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Economist predicts brighter future for B.C. forests

TD is predicting a significant increase in lumber prices by 2013 – and has praised British Columbia’s government for opening up new markets to counteract the slump in the U.S. housing market.

Leslie Preston, an economist at the TD banking group, stated that, “The B.C. industry and govern­ment have been very proactive in marketing wood for use in construction in China” and that “China now imports more lumber from B.C. than from the United States.”

Preston says that by late 2013, improved demand from the U.S. will combine with growing demand from China “to produce a significant cyclical upswing in demand for lumber.”

The economist added that demand from China is conservatively predicted to grow by 10 per cent each year until 2015.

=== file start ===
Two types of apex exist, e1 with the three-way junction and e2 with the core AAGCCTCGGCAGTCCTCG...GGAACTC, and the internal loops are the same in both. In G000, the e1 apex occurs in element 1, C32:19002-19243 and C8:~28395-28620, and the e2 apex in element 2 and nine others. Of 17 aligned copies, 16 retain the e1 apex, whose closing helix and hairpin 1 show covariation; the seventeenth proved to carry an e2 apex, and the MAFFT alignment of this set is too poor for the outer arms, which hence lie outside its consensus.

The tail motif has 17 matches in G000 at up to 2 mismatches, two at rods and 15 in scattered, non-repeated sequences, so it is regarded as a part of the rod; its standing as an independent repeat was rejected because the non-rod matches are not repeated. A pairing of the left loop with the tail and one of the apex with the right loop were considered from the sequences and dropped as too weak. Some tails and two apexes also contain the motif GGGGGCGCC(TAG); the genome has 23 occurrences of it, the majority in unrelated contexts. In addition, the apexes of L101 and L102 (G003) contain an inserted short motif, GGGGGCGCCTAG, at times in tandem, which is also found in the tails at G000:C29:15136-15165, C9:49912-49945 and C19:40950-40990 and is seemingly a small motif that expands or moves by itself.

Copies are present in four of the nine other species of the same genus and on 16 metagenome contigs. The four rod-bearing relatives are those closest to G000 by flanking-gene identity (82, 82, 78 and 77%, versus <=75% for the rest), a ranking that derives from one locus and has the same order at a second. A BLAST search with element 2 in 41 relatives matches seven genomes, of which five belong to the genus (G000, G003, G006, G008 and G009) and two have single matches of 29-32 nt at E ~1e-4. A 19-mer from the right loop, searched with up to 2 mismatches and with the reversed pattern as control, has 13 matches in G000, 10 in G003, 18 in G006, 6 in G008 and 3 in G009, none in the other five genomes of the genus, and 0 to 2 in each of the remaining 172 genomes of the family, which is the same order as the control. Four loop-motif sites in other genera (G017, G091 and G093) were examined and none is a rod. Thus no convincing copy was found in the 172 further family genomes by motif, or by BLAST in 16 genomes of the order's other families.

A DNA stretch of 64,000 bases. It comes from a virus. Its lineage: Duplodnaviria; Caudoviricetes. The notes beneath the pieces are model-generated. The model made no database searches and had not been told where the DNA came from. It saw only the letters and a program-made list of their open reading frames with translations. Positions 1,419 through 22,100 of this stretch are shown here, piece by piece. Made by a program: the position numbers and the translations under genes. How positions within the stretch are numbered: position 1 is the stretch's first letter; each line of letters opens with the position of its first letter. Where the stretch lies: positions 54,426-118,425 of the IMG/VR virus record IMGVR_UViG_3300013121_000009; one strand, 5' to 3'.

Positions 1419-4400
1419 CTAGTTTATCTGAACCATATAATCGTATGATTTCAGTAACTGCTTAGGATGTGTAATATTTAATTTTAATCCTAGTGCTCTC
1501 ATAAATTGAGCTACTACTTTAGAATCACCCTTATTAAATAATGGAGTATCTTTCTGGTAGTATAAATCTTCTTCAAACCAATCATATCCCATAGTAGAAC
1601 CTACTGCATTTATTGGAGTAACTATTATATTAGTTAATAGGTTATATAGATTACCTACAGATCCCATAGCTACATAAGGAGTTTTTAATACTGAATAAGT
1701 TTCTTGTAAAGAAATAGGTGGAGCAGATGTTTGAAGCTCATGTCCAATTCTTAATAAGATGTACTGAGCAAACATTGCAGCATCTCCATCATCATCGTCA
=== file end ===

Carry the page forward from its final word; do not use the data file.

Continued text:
In May and June, the value of B.C. exports to China was greater than to the U.S. Shipments to China in May were more than $122 million, and in June more than $130 million.

Why it matters

  • B.C. is one of the world’s largest exporters of softwood lumber.
  • More than 55, 000 people are employed by the industry.
  • The forestry industry contributes more than $7.3 billion to the province’s gross domestic product.

Quick facts

  • B.C. has more than 110 lumber mills.
  • In the past year-and-a-half, 27 sawmills have reopened throughout the province.
  • B.C. has shipped more than 13 million cubic metres of softwood lumber around the globe this year, worth more than $2.2 billion, representing a nine per cent increase on 2010.
  • Last year, B.C. exported almost $700 million in lumber products to China, up from less than $40 million in 2003 – an increase of 1,700 per cent.
  • The B.C. government has trade and investment offices in Shanghai, Beijing and Guangzhou.
  • The Province also has a market development office for wood products in Shanghai and a satellite office in Beijing.
  • B.C. plants an average of 200 million trees each year.

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